Once the helicopter pilot spots this particular rhino, he administers the dart from the air and communicates its location to the ground crew. The ground crew rushed through the bush on foot to get to the sedated animal. 
 
Wading through the bush isn't easy - and there is other potentially dangerous wildlife to watch out for along the way.
 
Once the ground crew gets to the rhino, they rush to place an eye cover and earplugs on her. The eye cover and earplugs do not harm the rhino and help to keep her calm while the effects of the sedation medication set in.

In addition to larger predators, the team watches out for voracious colonies of ants and navigates a tricky terrain.

removing sedation dart and prepping tracking devices

With the rhino almost fully sedated, a vet removes the dart from the rhino’s rump. Off to the right, another vet gets the tracking device and strap ready to apply to the rhino. 
 
Up close, the features of a rhino are even more intriguing.  
 
"They're very rough on their backs and legs," said Jones. "But their bellies are quite soft. They have massive nostrils and very strange shapes to them. So it's quite interesting from that point of view." 

attaching the ankle bracelet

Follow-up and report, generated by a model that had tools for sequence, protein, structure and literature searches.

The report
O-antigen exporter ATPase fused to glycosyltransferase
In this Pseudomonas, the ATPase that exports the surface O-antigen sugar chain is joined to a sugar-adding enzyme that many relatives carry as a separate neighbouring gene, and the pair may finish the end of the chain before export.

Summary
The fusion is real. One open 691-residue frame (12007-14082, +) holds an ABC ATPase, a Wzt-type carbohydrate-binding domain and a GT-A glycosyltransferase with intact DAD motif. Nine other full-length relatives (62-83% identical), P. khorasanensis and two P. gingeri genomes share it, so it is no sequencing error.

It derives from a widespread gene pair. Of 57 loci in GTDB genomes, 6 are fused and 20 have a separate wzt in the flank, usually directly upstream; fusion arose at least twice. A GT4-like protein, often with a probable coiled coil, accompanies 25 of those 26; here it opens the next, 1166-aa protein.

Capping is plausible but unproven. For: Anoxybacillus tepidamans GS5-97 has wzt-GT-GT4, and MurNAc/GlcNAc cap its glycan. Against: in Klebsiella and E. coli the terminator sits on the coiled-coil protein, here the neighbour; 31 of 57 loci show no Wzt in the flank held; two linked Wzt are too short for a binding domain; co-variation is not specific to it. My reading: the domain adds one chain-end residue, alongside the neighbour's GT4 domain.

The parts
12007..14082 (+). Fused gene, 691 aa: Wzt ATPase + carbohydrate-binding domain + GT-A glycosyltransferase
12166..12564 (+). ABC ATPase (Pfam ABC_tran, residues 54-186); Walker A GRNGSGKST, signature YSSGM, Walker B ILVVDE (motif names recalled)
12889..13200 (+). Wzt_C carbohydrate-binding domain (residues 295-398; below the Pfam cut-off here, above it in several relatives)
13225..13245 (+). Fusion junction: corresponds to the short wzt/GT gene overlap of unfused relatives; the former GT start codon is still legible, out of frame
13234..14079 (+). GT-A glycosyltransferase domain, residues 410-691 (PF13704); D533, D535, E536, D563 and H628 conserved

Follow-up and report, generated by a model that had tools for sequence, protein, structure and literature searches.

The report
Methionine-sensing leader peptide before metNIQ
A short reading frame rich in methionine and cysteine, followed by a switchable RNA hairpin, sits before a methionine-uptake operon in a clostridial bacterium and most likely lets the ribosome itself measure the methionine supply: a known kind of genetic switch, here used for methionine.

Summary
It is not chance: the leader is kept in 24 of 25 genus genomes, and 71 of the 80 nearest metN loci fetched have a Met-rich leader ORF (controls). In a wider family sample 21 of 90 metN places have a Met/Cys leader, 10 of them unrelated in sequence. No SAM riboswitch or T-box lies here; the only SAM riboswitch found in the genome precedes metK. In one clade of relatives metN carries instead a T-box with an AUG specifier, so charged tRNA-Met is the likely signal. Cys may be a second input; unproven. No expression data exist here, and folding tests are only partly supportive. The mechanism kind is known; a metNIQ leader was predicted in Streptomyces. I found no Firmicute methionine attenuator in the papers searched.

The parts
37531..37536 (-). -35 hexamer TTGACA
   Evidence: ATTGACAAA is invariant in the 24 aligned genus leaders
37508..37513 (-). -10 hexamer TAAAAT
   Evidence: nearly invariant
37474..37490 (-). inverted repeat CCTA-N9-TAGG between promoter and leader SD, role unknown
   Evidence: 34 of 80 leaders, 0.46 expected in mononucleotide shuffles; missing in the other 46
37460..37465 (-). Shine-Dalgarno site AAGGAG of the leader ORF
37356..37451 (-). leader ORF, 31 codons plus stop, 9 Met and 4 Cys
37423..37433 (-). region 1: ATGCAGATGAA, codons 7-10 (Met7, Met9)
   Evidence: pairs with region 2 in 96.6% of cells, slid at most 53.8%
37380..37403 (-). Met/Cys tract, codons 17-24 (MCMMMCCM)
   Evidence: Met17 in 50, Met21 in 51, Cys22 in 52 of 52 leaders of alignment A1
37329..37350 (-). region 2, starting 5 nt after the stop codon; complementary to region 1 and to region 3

A handler attaches the ankle bracelet which will help the protected area track the rhino, protect it, and understand these incredible animals. To the left is an oxygen tank for safety in case the rhino puts too much pressure on its chest while sedated and needs extra oxygen. A vet applies a sedation antidote once the ankle bracelet is attached. Various records are also captured during this process.  
 
The ankle bracelet uses artificial intelligence to feed data directly into EarthRanger in real-time. AI also helps inform whether the rhino is exhibiting abnormal behavior through accelerometers  and GPS positioning.  

"Abnormal behavior could include the animal not moving, or the animal is moving very fast and erratically," said Jones. "Or it could be struggling on the ground. All three of those cases could indicate a poaching incident." 

Once this unusual behavior is fed into EarthRanger, the platform sends out an alert through WhatsApp, SMS or email to rangers on the ground or other relevant park staff so that they can respond in real-time. 

As the sedation antidote starts to take effect, the earplugs and eye cover are removed. The recovering rhino slowly gathers her bearings, then trots off.  

An up-close look at the sedated rhino. | Bruce Jones (right) stands with park staff with the sedated rhino behind them.

monitoring the rhinos

After an ankle bracelet is placed on a rhino, reserve staff monitor their activity and health. 

"If you know where they are, and you know they’re behaving normally, you can relax a bit," said Jones. "If they're acting abnormally, you can quickly and efficiently send people out to a specific place to see whether they are under threat or whether they are just playing with one another or being chased by a predator."